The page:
Synonyms for rack
EXAMPLES FROM THE WEB FOR RACK
He went across to the hotel, tied the gelding at the rack, and sat down on the veranda.
In the bottom of the pan is a rack upon which the meat may rest.
They fought for bread, as horses when there is no hay in the rack.
Were it not better that they should die on the field than by the rack?
He went into Mr. Galloway's room, and brought forth the three letters from the rack.
Bid me despair and die—but do not stretch me on the rack of jealousy!
Meg took off her best hat and placed it carefully in the rack.
These insinuations, Harriet, have put my anxiety to the rack.
It was an abode of dirt and disorder, a mason's cellar going to rack and ruin.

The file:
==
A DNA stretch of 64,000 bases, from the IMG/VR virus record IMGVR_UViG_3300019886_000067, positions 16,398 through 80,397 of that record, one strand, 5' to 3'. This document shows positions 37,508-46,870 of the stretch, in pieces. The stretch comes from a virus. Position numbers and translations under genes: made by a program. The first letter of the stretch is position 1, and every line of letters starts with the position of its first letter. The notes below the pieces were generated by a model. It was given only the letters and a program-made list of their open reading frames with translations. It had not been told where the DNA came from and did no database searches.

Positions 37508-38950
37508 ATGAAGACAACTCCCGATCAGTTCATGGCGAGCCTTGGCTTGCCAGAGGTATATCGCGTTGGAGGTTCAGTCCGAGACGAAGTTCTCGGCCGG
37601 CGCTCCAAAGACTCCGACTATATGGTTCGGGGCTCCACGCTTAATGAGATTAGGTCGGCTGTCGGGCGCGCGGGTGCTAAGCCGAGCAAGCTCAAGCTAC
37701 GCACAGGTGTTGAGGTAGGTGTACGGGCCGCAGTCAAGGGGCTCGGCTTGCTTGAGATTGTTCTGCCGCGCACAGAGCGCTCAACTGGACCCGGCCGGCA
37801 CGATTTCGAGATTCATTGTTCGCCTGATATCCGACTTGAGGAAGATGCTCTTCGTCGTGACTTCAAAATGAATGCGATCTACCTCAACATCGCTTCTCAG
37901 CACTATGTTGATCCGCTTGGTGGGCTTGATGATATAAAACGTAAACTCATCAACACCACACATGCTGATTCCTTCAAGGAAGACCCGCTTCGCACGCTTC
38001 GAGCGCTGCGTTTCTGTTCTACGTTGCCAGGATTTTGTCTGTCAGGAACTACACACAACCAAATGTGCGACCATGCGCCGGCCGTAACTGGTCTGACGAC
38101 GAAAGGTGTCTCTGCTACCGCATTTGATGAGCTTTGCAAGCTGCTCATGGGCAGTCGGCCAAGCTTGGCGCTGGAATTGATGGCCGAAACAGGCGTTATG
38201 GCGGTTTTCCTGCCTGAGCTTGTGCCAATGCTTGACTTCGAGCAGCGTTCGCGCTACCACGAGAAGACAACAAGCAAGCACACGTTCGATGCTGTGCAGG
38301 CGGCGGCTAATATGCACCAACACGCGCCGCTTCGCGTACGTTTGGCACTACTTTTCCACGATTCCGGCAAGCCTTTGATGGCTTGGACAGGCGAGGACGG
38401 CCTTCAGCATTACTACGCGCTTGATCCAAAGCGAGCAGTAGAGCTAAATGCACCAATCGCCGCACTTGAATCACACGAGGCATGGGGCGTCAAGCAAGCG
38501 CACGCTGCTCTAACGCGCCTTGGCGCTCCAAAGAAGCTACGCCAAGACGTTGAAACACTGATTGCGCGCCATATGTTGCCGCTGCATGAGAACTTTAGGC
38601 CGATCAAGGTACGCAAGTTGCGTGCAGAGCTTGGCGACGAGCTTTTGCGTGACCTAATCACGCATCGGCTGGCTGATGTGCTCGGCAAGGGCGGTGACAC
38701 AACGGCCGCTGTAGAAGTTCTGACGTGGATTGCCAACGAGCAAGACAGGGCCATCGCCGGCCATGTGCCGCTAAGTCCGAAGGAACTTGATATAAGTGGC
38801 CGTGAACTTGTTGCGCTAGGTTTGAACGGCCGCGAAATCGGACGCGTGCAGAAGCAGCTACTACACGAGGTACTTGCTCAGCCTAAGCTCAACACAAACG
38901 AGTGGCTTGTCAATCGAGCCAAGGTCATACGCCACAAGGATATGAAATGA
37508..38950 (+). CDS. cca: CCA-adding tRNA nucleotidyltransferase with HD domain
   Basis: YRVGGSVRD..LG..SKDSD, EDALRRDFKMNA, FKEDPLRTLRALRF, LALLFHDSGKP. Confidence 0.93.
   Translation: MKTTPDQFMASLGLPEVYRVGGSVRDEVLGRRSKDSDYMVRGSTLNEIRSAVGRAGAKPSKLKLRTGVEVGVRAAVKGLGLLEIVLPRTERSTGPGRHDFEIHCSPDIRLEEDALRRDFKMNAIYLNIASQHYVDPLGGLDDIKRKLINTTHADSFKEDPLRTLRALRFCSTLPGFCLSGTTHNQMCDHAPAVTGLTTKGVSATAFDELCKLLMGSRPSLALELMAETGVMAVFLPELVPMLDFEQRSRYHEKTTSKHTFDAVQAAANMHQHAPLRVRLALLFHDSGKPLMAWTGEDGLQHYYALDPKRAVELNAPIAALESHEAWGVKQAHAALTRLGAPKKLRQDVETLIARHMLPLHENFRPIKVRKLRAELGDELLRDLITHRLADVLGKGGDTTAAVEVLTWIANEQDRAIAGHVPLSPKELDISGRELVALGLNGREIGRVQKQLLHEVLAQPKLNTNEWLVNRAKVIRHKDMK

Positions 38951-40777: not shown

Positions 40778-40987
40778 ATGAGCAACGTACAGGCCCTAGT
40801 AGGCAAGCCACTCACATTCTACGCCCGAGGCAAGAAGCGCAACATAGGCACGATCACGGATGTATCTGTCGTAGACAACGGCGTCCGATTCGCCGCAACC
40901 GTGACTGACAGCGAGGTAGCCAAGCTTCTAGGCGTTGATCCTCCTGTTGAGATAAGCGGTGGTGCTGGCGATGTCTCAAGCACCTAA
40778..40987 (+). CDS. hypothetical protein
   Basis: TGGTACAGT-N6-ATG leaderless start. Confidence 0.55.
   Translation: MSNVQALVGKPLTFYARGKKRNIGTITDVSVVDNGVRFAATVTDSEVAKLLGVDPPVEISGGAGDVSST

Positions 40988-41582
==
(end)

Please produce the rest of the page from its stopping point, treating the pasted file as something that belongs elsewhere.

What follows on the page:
All that humbug which has only sent poor folks to rack and ruin!
"frame with bars," c.1300, possibly from Middle Dutch rec "framework," literally "something stretched out, related to recken (modern rekken) "stretch out," cognate with Old English reccan "to stretch out," from Proto-Germanic *rak- (cf. Old Saxon rekkian, Old Frisian reza, Old Norse rekja, Old High German recchen, German recken, Gothic uf-rakjan "to stretch out"), from PIE *rog-, from root *reg- "to move in a straight line" (see regal).
Meaning "instrument of torture" first recorded early 15c., perhaps from German rackbank, originally an implement for stretching leather, etc. Mechanical meaning "toothed bar" is from 1797 (see pinion). Meaning "set of antlers" is first attested 1945, American English; hence slang sense of "a woman's breasts" (especially if large), by 1991. Meaning "framework for displaying clothes" is from 1948; hence off the rack (1951) of clothing, as opposed to tailored.